The Germans had a special surprise for the Allies you probably have not heard of — speedboats armed with machine guns. The idea was to race through the landing area and machine-gun down Allied troops before and after they landed. The Germans thought the fast-moving boats would be hard to hit and would cause immense casualties. Fortunately, Allied intelligence found out about the speedboats and where they were located. Allied bombers then destroyed them where they were docked and before they could be used on D-Day at Normandy.
Did you ever wonder why blimps were flying above the ships when you watch a documentary about one of the D-Day invasions? These blimps were called barrage balloons. Cables and nets were hung below them in order to prevent enemy planes from flying low over the Allied ships. This made it much harder for the German planes to hit the ships with their bombs and machine guns. Perhaps because of bad weather, the Germans failed to launch a large air attack against the incoming Allied ships.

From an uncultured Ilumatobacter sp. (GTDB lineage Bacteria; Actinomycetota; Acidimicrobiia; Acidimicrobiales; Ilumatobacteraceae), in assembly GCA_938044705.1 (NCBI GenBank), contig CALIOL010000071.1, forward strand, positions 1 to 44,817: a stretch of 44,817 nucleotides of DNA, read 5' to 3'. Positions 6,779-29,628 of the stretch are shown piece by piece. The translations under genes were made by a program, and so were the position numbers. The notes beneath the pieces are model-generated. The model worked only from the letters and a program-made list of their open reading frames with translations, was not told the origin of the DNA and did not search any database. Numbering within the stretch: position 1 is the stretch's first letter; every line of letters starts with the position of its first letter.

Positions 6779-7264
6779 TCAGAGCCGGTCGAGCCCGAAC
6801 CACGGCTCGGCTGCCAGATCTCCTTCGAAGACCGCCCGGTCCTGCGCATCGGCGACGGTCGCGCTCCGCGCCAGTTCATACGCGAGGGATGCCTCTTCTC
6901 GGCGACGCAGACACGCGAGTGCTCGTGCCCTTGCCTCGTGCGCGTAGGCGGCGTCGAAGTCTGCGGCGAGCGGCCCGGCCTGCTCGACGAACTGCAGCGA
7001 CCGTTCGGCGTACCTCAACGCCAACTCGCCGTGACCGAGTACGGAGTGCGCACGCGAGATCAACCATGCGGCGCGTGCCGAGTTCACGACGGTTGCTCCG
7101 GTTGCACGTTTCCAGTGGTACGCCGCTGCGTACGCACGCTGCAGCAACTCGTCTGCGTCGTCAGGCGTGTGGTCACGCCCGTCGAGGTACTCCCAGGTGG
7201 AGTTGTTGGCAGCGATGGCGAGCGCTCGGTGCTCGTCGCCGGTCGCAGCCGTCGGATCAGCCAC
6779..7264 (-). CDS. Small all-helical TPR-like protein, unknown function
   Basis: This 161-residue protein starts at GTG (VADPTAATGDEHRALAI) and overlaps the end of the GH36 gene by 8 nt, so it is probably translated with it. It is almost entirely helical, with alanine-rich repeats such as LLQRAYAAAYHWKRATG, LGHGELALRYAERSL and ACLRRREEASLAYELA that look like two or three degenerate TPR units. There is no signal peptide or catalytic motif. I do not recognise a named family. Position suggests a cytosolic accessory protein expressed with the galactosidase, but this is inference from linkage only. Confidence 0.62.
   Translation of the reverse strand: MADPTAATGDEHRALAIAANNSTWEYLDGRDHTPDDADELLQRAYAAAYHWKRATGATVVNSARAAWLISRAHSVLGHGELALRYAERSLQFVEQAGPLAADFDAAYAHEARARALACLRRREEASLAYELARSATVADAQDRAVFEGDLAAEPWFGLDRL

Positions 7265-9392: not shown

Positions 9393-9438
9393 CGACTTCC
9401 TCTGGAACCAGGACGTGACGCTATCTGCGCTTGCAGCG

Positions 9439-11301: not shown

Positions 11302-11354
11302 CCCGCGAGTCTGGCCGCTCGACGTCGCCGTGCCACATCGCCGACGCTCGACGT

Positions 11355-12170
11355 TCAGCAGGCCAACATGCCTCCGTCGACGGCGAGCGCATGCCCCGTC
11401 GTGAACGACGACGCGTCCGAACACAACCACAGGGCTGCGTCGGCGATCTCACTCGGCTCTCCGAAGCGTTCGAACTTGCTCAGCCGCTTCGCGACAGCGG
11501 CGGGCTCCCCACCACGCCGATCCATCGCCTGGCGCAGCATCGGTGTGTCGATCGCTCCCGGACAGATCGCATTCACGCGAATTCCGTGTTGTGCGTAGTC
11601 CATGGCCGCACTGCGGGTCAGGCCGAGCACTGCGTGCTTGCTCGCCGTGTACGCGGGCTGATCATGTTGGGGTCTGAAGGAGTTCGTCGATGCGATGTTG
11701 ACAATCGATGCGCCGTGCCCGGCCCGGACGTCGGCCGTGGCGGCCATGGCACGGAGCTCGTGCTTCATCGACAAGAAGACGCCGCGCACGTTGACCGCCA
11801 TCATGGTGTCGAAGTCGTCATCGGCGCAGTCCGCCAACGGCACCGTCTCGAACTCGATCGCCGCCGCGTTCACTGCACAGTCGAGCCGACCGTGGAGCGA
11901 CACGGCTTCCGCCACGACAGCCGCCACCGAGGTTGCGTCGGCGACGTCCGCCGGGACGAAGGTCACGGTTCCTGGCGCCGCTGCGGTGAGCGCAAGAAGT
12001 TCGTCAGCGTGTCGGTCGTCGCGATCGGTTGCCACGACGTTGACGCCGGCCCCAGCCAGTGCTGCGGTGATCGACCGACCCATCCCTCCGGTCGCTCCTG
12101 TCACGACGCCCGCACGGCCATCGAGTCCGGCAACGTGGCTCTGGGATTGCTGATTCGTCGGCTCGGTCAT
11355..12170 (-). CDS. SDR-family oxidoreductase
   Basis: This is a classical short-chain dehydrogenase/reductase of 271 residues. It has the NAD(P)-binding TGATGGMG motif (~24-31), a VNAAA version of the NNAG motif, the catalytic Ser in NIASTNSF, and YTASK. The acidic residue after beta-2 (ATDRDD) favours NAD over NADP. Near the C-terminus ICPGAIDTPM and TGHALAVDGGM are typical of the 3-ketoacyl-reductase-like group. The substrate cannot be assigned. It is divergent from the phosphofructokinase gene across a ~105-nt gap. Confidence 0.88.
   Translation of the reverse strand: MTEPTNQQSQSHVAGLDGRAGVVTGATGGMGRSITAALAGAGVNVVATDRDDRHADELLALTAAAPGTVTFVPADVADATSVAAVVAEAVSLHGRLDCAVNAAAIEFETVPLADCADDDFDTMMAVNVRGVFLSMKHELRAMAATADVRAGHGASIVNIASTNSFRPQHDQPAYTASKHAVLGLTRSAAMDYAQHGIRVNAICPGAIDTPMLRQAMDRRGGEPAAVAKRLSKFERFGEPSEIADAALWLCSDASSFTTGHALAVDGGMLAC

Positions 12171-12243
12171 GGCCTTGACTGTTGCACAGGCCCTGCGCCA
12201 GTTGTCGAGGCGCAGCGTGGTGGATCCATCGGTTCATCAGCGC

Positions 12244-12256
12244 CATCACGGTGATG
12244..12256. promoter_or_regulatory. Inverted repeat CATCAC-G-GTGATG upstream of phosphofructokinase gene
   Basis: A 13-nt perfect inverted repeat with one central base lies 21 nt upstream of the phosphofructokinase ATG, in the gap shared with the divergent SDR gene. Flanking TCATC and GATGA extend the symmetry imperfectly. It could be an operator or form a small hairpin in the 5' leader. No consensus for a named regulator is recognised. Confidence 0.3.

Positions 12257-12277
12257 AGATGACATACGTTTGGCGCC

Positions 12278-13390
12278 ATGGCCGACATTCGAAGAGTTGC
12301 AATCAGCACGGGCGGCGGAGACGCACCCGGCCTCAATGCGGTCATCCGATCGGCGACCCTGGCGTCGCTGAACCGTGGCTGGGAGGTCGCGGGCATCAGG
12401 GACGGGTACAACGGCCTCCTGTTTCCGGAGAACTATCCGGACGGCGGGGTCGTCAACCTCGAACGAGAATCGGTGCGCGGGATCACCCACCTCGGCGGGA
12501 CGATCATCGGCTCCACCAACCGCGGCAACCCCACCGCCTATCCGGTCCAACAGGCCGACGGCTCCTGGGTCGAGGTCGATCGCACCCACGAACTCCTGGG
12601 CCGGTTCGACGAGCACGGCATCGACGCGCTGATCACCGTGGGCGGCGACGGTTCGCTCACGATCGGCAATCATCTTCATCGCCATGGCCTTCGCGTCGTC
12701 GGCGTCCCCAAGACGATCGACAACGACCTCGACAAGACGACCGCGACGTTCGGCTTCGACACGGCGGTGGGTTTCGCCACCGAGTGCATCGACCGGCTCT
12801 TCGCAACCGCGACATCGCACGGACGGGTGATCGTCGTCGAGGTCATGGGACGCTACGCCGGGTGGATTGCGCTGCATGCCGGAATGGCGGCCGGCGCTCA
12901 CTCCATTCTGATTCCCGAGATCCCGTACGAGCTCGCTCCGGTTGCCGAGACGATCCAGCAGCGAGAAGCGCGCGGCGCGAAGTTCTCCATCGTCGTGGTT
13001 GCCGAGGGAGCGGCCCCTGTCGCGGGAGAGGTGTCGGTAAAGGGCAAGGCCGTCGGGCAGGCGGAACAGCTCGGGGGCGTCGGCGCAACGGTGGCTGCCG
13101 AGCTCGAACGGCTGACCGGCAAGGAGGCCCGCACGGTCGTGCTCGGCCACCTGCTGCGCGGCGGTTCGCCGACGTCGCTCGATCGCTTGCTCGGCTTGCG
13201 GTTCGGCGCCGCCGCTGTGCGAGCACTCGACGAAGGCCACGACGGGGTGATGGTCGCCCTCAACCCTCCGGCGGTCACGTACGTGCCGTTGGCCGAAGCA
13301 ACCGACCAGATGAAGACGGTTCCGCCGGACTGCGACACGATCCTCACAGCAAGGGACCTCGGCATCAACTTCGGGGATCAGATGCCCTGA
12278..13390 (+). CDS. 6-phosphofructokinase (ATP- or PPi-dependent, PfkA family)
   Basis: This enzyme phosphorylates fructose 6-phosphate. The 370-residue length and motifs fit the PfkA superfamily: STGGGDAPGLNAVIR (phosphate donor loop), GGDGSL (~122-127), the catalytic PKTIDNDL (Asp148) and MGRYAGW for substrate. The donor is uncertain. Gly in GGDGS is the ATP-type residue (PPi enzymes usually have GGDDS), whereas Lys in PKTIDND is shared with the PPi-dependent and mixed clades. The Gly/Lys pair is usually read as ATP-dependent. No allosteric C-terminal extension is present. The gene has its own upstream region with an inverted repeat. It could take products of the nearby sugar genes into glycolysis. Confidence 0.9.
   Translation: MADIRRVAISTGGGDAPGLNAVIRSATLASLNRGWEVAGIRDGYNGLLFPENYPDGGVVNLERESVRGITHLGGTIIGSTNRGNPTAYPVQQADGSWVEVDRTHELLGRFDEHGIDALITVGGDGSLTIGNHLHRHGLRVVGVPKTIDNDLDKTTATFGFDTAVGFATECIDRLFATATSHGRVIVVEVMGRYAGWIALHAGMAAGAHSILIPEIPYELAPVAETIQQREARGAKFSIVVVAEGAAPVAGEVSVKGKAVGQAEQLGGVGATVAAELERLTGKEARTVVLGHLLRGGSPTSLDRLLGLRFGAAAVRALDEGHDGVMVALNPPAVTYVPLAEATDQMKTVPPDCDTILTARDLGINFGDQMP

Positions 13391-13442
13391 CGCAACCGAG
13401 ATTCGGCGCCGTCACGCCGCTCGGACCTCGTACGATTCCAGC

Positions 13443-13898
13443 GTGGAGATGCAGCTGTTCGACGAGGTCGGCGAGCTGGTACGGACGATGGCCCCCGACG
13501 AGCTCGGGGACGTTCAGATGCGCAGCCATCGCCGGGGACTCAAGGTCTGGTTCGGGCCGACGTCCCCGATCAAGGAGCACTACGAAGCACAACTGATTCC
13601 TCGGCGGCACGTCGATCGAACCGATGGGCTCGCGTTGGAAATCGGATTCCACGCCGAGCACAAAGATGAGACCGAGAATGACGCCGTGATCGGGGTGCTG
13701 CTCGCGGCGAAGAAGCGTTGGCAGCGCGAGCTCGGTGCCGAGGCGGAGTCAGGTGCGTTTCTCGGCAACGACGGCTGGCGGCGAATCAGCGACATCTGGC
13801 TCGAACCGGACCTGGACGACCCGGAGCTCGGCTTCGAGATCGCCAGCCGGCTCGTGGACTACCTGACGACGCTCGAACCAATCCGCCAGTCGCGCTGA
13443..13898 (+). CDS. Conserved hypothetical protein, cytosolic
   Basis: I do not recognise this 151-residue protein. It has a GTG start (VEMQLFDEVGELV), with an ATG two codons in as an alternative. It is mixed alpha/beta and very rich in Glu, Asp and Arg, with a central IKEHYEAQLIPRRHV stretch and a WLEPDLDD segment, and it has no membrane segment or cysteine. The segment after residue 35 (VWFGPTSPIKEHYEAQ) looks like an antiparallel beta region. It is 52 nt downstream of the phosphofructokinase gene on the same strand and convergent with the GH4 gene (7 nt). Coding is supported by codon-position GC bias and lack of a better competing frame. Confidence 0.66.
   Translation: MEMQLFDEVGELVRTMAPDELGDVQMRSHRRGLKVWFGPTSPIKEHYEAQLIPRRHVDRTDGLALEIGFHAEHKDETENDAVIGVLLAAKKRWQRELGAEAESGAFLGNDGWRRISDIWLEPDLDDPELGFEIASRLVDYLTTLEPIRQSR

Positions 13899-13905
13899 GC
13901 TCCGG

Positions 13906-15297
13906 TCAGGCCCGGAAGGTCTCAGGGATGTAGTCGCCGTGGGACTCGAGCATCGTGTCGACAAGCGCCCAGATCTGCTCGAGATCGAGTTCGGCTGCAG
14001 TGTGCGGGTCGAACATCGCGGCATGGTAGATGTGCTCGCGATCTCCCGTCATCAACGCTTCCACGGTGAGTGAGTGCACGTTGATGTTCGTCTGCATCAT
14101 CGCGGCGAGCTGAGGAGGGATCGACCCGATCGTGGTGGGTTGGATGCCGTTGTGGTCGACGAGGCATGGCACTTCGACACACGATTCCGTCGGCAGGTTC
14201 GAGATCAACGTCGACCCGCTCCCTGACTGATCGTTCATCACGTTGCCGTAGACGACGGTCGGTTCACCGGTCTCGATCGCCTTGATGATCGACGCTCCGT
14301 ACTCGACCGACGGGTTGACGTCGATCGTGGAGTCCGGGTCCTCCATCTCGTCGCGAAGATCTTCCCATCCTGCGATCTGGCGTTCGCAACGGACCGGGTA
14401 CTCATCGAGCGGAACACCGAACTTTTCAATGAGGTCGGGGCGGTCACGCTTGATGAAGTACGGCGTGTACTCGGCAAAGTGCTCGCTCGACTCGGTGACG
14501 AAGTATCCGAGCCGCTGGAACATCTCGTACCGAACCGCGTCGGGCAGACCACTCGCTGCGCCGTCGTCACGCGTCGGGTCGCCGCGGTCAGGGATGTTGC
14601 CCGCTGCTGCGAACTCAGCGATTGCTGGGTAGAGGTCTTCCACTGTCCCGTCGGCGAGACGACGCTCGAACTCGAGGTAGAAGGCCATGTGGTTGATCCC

Dad thought Steven Spielberg’s movie, “Saving Private Ryan,” gave an accurate account of what it was like to be involved in a beachhead lading — “Pure Hell,” as Dad described it. As for what it was really like in the midst of a World War II battle, the movies “Saving Private Ryan” and “Hacksaw Ridge” are, in my opinion, the best choices.
Once the Allies took control of the beachhead, their work was far from over. Just as General Bradly wrote in his book, the Allies had to fight back sustained German counterattacks and several very large and costly battles inland in the days that followed.
Only after the very worst was over, eight weeks after D-Day, did General Patton’s Third Army finally enter the war and begin Patton’s glory-seeking race toward Berlin. Unlike General Hodges’ First Army, which had seven tank divisions, Patton’s Third Army had only two, but it was enough to send Patton on his merry way and try to live up to the false reputation he had been given.
Meanwhile, Dad’s 45th Division was now part of General Patch’s Fifth Army and was preparing to make yet another D-Day invasion and open another front on the south coast of France. More on that story as this series unfolds.